Embedding patient centric care with digital health apps

Image of a person holding a mobile phone to show Embedding patient centric care with digital health apps

Health professionals see digital health apps as a crucial step on the road to care that is more efficient and more patient centred than today. How can patients be sure that they’re getting the accurate information they need?

More than 90% of health professionals think that digital health is one of the major weapons to enhance NHS services. But there are three big problems standing in the way.

  1. Finding the right app: With 385,000 in app stores, how can you find the great ones in such a crowded space?
  2. Trusting an app: With app stores unregulated, how do you know if an app is safe to use and won’t mistreat your data?
  3. Integrating the app into care: How can apps work along with other services you use?


That’s where ORCHA comes in. We’ve reviewed almost 5000 apps to date and test more apps than anyone, which helps us to cover more conditions. Our evaluations include criteria set out by regulatory bodies across the world.

“How do you know if an app is safe to use and won’t mistreat your data?”

We’re home to the world’s only library that lets professionals and patients find and compare health apps against a range of criteria including effectiveness, usability and security. This helps people to find or recommend apps with confidence.

To drive uptake of health apps and target specific communities, we provide locally branded and tailored microsites. Our tools enable professionals to prescribe health apps, which is proven to increase the take-up of apps.

The best way to support the use of apps to support healthy living and condition management is by embedding and standardising app recommendation as part of care pathways. We support NHS trusts and clinical commissioning groups to embed apps system-wide.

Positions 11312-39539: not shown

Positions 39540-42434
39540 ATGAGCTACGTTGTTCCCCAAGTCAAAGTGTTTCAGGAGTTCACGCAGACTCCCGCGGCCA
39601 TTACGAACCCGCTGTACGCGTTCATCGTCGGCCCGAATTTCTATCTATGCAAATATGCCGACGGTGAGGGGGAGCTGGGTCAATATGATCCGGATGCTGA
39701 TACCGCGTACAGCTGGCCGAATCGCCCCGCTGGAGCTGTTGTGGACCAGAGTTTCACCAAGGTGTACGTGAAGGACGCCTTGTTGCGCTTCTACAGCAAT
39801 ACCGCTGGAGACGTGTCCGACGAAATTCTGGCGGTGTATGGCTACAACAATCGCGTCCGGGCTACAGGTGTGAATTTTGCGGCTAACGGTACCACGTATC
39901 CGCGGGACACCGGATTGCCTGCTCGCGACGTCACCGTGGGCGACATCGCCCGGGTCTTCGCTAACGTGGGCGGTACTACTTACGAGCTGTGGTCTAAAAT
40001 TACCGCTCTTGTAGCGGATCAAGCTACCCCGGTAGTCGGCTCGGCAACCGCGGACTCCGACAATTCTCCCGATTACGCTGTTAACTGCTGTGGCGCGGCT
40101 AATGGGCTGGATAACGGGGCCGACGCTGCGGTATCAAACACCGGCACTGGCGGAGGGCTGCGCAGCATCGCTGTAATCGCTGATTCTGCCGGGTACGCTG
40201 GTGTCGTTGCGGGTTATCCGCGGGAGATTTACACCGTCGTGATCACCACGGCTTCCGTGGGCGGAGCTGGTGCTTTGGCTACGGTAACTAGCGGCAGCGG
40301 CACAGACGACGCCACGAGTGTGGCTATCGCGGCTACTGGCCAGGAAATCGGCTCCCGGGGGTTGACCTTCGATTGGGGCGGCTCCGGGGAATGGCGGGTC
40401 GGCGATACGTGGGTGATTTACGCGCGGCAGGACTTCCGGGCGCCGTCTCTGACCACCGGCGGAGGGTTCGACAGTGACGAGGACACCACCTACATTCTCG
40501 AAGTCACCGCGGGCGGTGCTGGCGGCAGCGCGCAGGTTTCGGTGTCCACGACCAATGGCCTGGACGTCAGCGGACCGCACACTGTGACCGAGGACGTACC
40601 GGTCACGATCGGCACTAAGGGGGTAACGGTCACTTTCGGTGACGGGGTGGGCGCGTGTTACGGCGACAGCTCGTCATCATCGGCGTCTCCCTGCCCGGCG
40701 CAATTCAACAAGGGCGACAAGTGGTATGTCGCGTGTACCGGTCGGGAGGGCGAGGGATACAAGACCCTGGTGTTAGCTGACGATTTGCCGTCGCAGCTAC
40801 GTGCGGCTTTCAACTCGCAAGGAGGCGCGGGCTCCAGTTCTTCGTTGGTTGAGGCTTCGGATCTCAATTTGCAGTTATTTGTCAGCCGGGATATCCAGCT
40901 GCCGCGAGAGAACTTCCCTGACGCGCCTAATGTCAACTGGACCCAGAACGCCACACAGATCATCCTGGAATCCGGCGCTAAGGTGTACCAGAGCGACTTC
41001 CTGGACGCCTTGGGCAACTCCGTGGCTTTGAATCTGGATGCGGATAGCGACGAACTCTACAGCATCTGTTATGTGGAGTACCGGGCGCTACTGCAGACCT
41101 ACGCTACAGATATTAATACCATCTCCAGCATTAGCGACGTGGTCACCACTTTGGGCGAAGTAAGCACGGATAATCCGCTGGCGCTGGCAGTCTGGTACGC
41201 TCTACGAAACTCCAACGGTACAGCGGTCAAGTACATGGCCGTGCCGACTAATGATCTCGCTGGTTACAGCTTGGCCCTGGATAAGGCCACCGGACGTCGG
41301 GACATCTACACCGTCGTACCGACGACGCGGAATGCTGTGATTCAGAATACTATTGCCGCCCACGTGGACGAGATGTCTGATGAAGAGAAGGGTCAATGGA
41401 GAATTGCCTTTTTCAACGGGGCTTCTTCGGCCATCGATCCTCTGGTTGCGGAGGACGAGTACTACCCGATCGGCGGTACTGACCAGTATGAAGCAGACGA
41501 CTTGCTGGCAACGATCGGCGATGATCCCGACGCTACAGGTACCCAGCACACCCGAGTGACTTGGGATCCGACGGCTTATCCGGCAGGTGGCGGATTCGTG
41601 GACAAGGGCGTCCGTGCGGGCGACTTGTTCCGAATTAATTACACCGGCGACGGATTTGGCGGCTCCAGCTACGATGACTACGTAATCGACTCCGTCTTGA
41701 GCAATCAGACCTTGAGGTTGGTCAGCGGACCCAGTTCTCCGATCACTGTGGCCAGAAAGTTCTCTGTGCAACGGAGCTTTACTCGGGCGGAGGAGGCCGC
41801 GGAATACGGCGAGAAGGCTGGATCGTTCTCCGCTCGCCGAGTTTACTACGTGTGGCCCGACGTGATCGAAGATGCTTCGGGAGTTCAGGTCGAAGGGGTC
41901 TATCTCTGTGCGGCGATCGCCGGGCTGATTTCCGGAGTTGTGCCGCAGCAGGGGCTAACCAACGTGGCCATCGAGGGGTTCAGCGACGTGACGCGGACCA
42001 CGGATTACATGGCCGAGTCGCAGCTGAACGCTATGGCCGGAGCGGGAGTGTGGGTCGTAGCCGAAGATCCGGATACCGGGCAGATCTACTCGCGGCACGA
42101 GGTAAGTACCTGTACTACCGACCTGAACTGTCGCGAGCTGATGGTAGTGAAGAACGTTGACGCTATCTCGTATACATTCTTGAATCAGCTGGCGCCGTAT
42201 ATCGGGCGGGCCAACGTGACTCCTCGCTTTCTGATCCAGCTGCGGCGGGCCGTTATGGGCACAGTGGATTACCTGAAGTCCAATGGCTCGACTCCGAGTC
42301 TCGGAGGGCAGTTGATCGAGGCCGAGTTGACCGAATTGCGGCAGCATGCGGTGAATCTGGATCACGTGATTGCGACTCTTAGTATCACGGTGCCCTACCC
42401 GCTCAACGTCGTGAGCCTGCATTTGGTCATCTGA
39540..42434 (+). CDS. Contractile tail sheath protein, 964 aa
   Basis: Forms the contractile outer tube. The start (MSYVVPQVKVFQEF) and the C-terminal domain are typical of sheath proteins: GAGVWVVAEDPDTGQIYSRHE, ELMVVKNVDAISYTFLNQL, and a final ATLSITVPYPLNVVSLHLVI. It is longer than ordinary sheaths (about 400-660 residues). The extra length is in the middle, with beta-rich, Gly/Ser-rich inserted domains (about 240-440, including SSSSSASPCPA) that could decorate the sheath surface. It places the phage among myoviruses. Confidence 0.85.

We now work with 20% of NHS organisations, including NHS Digital. When healthcare professionals use the ORCHA platform, they achieve a 71% activation rate amongst patients. 200,000 consumers have signed-up to our service; and most importantly, every day we hear of the real impact health apps are making on the health of the nation.

Supplemental support

Eating disorders can severely affect the quality of life of the sufferer and those that care for them and can shorten a person’s life. But with the right care, people can recover.

Lancashire Care NHS Foundation Trust hadn’t consistently used digital solutions as part of therapy, but saw that patients were increasingly on digital media. When the Trust provided its staff with access to the ORCHA platform, the eating disorder team immediately saw the potential and now prescribes health apps to supplement and enhance its therapy.

Dr Hannah Wilson, Clinical Psychologist, explained: “I’ve found apps especially helpful when a patient is waiting to start their treatment. Although the team always strives to offer treatment to someone within a short space of time, sadly there is often a wait between assessment and treatment. This way I can recommend apps that can start to help them in that time.”

She added: “For me, eating disorders are complex. An app by itself is unlikely to be enough to enable a patient to recover, but I have found that they support, supplement and back up sessions. The apps enable patients to receive some support between appointments. For example, they help people to more accurately monitor what we have asked them to, be it their mood or what they’ve eaten. People carry their phone everywhere and so are much more likely to simply and discreetly make a note, rather than pull a piece of paper that could be spotted by others or lost. Apps can also provide a source of motivation to help patients keep to their treatment plans. Some also provide practical assistance with meal planning.”

Talking broadly of the programme, Dr Wilson said: “Our clients of all ages use apps every day. If we can become part of that world, we can become more effective and sustainable. Apps also provide a great tool for patients to use long after they have been discharged from our service, to help maintain their progress and stay well.”

Health services across the country echo such results. From diabetes prevention programmes, to occupational health teams, professionals are working with ORCHA to pinpoint the best apps that will help improve services and make a difference to patients.

5 steps to start embracing health apps:

  1. Identify a shortlist of your priority health conditions
  2. Set demographic and activation targets
  3. Research what digital technologies are available for these conditions and the patient characteristics
  4. See if you can trust the apps you identify or look for inspiration in our app review library: appfinder.orcha.co.uk
  5. Identify points in the patient pathway when the app is best embedded.



Liz Ashall-Payne is Co-Founder and Chief Executive Officer of ORCHA.

Go to www.orcha.co.uk